; is a proper matter for philosophic investigation. It may be ques-tioned whether Lewes is right in thus identifying the methods of science and philosophy. Philosophy is not a mere extension of scientific knowledge ; it is an investigation of the nature and
i validity of the knowing process itself. In any ease Lewes cannot be said to have done much to aid in the settlement of properly philosophical questioiis. His whole treatment of the question of the relation of subject to object is vitiated by a confusion between
; the scientific truth that mind and body coexist in the living organ-ism and the philosophic truth that all knowledge of objects implies a knowing subject. In other words, to use Mr Shadworth Hodg-son's phrase, he mixes up the question of the genesis of mental forms with the question of their nature (see Philosophy of Reflex-ion, vol. ii. pp. 40-58). Thus he reaches the "monistic" doctrine that, mind and matter are two aspects of the same existence bv attending simply to the parallelism between psychical and physical processes given as a fact (or a probable fact) of our experience, and by leaving out of account their relation as subject and object in the
j cognitive act. His identification of the two as phases of one cx-
l istence is open to criticism, not only from the point of viaw of

philosophy, but from that of science. In his treatment of such
ideas as " sensibility," "sentience," and the like, he does not always
show whether he is speaking of physical or of psychical phenomena.
Among the other properly philosophic questions discussed in these
two volumes the nature of the causal relation is perhaps the one
which is handled with most freshness and suggestiveness. The
third volume, The Physical Basis of Mind, further develops the
writer's views on organic activities as a whole. He insists strongly
on the radical distinction between organic and inorganic processes,
and on the impossibility of ever explaining the former by purely
mechanical principles. With respect to the nervous system, he
holds that all its parts have one and the same elementary property,
namely, sensibility. Thus sensibility belongs as much to the
lower centres of the spinal cord as to the brain, contributing in this
more elementary form elements to the "subconscious" region of
mental life. The higher functions of the nervous system, which
make up our conscious mental life, are merely more complex
modifications of this fundamental property of nerve substance.
Closely related to this doctrine is the view that the nervous organ-
ism acts as a whole, that particular mental operations cannot be
referred to definitely circumscribed regions of the brain, and that
the hypothesis of nervous activity passing in the centre by an iso-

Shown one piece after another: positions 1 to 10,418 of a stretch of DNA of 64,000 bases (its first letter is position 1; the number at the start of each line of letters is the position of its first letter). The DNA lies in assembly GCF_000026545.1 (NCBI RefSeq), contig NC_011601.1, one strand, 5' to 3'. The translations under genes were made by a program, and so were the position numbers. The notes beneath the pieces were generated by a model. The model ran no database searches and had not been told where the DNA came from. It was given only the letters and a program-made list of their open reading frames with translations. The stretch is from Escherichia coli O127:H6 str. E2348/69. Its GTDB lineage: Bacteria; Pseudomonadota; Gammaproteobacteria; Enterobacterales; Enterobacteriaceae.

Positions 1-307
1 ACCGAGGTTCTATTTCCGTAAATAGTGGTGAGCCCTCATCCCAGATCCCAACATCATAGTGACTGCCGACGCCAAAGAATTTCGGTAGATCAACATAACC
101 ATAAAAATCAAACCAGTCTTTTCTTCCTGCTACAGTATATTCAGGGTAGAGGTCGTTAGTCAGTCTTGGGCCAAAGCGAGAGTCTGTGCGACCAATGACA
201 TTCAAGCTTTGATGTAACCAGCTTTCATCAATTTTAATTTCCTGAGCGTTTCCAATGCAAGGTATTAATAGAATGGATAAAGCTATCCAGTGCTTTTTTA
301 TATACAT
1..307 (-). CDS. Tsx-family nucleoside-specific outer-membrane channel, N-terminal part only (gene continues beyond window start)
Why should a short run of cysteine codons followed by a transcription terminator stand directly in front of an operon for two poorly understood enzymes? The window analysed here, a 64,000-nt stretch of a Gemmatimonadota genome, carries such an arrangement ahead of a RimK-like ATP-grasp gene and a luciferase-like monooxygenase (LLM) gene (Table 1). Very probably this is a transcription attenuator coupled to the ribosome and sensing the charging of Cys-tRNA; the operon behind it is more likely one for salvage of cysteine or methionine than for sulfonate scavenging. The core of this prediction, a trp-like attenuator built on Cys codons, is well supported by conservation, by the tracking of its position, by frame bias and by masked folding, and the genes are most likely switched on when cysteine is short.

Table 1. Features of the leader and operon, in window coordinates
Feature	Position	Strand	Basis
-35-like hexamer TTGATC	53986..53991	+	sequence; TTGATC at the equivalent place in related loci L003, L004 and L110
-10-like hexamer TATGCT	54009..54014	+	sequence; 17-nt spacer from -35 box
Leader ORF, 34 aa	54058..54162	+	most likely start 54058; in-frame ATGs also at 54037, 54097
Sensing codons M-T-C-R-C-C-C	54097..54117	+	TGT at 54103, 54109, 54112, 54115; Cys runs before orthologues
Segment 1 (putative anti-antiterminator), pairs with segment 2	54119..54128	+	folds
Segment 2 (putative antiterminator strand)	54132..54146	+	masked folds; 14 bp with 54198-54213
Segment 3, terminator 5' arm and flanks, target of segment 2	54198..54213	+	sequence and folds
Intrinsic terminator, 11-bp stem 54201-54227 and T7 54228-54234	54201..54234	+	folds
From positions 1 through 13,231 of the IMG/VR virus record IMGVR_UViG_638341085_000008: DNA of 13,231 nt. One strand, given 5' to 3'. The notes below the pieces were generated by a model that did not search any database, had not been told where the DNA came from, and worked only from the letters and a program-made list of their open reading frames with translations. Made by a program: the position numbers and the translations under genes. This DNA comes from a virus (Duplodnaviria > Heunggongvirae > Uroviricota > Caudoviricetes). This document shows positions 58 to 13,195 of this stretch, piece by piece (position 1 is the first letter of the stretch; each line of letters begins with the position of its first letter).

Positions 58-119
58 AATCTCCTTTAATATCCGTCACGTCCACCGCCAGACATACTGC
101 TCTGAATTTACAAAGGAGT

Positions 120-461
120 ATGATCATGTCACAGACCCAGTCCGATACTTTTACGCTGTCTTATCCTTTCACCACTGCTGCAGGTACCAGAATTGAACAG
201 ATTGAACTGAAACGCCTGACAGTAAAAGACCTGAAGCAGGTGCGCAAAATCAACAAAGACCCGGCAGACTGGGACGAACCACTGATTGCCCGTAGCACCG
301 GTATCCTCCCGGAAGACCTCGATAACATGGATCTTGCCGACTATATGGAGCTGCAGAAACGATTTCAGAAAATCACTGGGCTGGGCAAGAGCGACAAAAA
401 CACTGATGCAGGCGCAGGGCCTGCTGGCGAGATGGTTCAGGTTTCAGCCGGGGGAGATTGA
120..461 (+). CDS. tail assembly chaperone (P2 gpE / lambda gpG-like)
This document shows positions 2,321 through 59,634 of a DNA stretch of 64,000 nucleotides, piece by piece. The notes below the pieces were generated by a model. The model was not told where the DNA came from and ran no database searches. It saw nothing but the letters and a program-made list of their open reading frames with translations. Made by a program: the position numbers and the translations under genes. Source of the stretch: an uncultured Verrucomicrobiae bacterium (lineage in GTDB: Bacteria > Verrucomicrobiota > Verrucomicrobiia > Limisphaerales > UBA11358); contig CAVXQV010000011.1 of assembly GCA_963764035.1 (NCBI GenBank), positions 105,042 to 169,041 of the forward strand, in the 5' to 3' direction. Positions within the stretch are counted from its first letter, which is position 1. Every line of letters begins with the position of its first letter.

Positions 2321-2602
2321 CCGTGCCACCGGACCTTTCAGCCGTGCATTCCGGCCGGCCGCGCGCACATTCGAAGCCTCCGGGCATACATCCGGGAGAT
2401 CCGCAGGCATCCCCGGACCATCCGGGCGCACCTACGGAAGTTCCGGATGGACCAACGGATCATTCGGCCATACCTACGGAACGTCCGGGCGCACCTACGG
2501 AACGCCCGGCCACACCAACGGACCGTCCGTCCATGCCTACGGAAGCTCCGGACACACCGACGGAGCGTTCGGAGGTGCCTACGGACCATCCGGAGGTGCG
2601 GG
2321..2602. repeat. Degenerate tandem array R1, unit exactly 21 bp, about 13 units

lated pathway from one nerve-cell to another is altogether illusory.
By insisting on the complete coincidence between the regions of
nerve-action and sentience, and by holding that these are but differ-
ent aspects of one thing, he is able to attack the doctrine of ani-
mal and human automatism, which affirms that feeling or con-
sciousness is merely an incidental concomitant of nerve-action, and
in no way essential to the chain of physical events. Lewes's views
in psychology, partly opened up in the earlier volumes of the
Problems, are more fully worked out in the last two volumes (3d
series). He discusses the method of psychology with much insight.
He claims against Comte and his followers a place for introspection
in psychological research. In addition to this subjective method
there must be an objective, which consists partly in a reference to
nervous conditions, and partly in the employment of sociological
and historical data. Biological knowledge, or a consideration of
the organic conditions, would only help us to explain mental
functions, as feeling and thinking; it would not assist us to under-
stand differences of mental facility as manifested in different races
and stages of human development. The organic conditions of these
differences will probably for ever escape detection. Hence they can
be explained only as the products of the social environment. This
idea of dealing with mental phenomena in their relation to social
and historical conditions is probably Lewes's most important con-
tribution to psychology. Among other points which he emphasizes
is the complexity of mental phenomena. Every mental state is
regarded as compounded of three factors in different proportions—
namely, a process of sensible affection, of logical grouping, and of
motor impulse. But Lewes's work in psychology consists less in
any definite discoveries than in the inculcation of a sound and just
method. His biological training prepared him to view mind as a
complex unity, in which the various functions interact one on the
other, and of which the highest processes are identical with and
evolved out of the lower. Thus the operations of thought, or " the
logic of signs," are merely a more complicated form of the elemen-
tary operations of sensation and instinct, or "the logic of feeling."
The whole of the last volume of the Problems may be said to be an
illustration of this position. It is a valuable repository of psycho-
logical facts, many of them drawn from the more obscure regions of
mental life and from abnormal experience, and is throughout sug-
gestive and stimulating. To suggest, and to stimulate the mind,
rather than to supply it with any complete system of knowledge,
may be said to be Lewes's service in philosophy. The exceptional
rapidity and versatility of his intelligence seems to account at once
for the freshness in his way of envisaging the subject-matter of
philosophy and psychology, and for the want of satisfactory elabo-
ration and of systematic co-ordination. (J. S.)